Motivational theory and implications
Improving and sustaining high performance from our organisation’s employees is critical to our success as leaders and managers.
Performance can be expressed as the result of applying motivation to ability:
Performance = Motivation X Ability
Therefore to improve employee and organisational performance, we need to create the conditions that support employee motivation to work towards organisational goals in addition to developing and improving competence.
What motivates and demotivates employees have been researched extensively over many decades and has resulted a wealth of motivation theory. These studies show that the factors that influence employee motivation are individual and complex and no single theory to explain motivation has emerged.
As leaders and managers, understanding the main motivation theories provides a useful foundation to help us understand:
- That employee motivation is individual and reflects the complex interplay of individual needs and individual views and decisions on what are the best actions to satisfy them;
- The needs that drive employees and influence their motivation and behaviour;
- How employees’ expectations influence their motivation and behaviour;
- Our opportunities to influence intrinsic motivation;
- The critical design elements of your organisation’s extrinsic motivators (e.g. pay, rewards, goal setting, performance assessment processes etc) and ‘hygiene factors’
What is employee motivation?
Motivation is what influences or drives our actions and behaviours - usually towards a goal and a reward that satisfies our needs.
Employees are motivated when they expect that their actions are likely to achieve a goal or receive a reward that satisfies their needs.
Motivating employees is about influencing them to move in the direction set by you or the organisation, and creating the conditions where they want to persist in applying effort to achieve organisational goals.1
There are 2 types of motivation2:
Self-generated, internal motivation: that sense of satisfaction and achievement we feel when we spend time on activities that reflect what drives us, activities that we enjoy.
For example, if we have an inner drive to learn new things, we may feel highly motivated at work completing tasks that require us to develop our knowledge, skills and experience. Working on and completing these tasks can give us feelings of deep inner satisfaction, particularly in contrast to tasks that offer no opportunity for growth.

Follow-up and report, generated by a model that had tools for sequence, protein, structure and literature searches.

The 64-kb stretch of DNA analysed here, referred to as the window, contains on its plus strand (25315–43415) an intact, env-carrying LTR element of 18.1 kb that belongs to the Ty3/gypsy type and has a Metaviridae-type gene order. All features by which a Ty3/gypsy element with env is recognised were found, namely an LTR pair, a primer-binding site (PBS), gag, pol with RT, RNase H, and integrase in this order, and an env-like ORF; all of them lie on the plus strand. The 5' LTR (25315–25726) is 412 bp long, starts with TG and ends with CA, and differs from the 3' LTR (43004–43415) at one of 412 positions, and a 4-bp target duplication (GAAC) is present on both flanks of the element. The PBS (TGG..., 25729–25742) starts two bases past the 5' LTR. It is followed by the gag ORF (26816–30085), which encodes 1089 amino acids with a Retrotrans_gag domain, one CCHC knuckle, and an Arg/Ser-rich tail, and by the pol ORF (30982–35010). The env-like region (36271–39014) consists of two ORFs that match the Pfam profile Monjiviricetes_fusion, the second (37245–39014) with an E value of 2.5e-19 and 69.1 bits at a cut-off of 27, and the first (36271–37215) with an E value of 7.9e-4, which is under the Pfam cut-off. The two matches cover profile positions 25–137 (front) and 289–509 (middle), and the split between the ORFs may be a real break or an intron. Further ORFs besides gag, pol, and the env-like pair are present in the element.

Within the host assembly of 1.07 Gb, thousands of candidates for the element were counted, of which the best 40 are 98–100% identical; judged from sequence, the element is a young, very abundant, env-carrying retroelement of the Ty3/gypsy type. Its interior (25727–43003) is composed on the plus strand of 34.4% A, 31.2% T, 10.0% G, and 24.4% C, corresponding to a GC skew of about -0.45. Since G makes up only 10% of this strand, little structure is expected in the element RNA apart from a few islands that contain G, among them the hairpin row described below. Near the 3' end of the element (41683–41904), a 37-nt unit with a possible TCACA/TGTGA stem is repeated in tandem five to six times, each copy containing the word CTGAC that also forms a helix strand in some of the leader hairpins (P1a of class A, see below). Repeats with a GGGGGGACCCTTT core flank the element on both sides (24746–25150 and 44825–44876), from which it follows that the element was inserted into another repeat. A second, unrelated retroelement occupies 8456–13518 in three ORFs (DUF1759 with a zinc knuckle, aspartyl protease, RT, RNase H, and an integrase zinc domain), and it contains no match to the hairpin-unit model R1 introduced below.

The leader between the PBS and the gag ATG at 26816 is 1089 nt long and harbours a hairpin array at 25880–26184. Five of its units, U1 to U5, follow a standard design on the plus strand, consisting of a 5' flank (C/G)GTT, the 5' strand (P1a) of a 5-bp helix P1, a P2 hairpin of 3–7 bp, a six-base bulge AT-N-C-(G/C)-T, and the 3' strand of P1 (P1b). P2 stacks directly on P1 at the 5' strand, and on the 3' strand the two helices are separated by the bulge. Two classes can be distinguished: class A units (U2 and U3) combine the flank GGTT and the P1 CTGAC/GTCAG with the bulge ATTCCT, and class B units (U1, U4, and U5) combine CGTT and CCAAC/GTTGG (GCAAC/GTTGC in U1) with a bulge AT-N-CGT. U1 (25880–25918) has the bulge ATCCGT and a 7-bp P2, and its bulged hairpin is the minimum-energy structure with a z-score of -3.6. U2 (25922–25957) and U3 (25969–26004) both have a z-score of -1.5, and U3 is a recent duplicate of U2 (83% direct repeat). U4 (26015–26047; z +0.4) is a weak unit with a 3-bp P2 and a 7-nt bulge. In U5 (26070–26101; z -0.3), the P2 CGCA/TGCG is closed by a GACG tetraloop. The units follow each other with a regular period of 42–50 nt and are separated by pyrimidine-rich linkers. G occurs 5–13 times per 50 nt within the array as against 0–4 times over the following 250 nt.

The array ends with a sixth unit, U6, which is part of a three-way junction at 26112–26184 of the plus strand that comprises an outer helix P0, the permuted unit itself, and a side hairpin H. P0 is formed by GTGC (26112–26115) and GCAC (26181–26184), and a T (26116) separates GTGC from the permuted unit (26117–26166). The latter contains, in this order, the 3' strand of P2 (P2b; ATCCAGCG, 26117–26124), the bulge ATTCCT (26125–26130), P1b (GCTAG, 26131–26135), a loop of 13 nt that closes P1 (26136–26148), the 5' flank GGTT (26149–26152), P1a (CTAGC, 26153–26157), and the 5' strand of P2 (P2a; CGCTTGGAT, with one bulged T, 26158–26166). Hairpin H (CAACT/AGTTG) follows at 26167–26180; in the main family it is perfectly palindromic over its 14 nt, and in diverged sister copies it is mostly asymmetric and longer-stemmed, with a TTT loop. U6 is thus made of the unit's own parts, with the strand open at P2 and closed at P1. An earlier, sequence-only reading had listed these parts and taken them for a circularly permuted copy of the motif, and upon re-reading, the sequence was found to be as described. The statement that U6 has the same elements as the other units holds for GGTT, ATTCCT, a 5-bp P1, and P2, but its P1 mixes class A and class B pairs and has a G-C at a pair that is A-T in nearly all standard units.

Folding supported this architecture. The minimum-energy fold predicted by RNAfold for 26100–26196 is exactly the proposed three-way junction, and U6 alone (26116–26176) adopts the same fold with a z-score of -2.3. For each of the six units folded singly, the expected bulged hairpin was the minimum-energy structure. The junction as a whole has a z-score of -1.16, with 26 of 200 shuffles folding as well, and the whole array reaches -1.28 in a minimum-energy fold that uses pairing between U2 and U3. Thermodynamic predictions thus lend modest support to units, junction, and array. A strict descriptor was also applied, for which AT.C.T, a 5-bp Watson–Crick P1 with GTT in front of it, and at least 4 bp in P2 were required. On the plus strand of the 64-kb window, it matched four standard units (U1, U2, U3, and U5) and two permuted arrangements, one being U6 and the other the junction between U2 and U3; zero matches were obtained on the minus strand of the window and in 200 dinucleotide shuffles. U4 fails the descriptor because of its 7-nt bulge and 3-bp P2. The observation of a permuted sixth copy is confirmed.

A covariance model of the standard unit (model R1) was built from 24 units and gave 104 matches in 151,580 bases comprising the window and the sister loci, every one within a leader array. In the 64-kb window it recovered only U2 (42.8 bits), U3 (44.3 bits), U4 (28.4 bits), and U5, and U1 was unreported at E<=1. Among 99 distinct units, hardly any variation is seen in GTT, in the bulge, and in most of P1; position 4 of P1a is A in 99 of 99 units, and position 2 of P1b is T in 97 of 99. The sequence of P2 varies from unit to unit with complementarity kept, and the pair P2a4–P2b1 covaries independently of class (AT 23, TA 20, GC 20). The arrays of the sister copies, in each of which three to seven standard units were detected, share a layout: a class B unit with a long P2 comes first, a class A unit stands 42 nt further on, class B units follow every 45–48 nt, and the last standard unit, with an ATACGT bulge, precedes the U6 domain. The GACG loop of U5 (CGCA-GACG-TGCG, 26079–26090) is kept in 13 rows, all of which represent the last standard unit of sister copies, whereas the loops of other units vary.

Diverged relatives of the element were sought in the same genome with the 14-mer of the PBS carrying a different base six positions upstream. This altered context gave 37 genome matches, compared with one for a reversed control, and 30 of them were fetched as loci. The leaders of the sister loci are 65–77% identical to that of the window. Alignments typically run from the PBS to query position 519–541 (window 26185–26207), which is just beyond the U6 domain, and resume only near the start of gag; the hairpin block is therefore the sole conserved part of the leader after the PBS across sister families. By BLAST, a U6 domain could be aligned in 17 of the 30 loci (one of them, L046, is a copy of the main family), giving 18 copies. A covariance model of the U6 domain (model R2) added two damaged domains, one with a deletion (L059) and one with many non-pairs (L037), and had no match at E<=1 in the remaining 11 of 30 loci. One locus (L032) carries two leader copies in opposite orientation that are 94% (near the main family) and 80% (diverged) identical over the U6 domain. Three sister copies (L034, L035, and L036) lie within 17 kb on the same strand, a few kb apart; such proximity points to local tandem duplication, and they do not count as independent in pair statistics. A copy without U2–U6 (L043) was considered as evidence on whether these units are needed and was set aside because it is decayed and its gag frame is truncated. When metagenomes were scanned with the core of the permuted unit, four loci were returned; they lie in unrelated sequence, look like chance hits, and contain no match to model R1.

Other examples of intrinsic motivation could include: being creative, solving problems, using our skills and talents, completing important or challenging work, work that gives us power, authority, autonomy, makes us feel important, appreciated or accepted or will advance our careers.
External motivators are given to us by others, such as a salary, bonuses and other incentives, security, praise, recognition, promotion or even punishment or withdrawal of privileges.
Extrinsic motivators tend to be determined at the organisational level and outside the control of individual leaders and managers. They also have more of a short-term impact on motivation: if they are withdrawn, motivation rapidly falls away.
In contrast, intrinsic motivators are more within the direct control of individual leaders and managers and tend to be longer lasting as they come from within and do not rely on the actions of others.
Employee motivation is complex and personal. Farren’s 12 Basic Human Needs reminds us of our common needs and provides a good starting place from which to approach motivation theory.
The most influential motivation theories are classified broadly in 3 ways:
- Instrumentality: ‘carrot and stick’ or ‘the law of effect’;
- Content: focuses on the needs that motivate us to take action; and
- Process: focuses on the process of motivation, including how it is influenced by, for example, expectations, goal setting, perceptions of equity and attribution.
1. Instrumentality Theory
Motivation is driven by rewards and punishments or ‘carrots and sticks’. It has its origins in the writings of Taylor (1911), and is based on reinforcing or ‘conditioning’ (Skinner, 1974) behaviour through rewards.
2. Content Theories
Focuses on the content of motivation, or the needs that motivate us to take action and achieve goals that satisfy these needs. Content theories include:
- Maslow’s Hierarchy of Needs: our behaviour and actions are driven by a ‘hierarchy’ of needs where lower level needs, such as survival, must be satisfied before we are motivated to meet higher level needs, such as ‘feeling connected’ and self-actualisation.
- Alderfer’s ERG Theory: uses empirical research to modify Maslow’s hierarchy of needs to: Existence, Relatedness and Growth (‘ERG’). Alderfer’s needs can operate at the same time, rather than in a hierachy. Where higher level e.g. self-actualisation needs are frustrated, we seek out greater satisfaction of a lower lever need e.g. financial security, to compensate.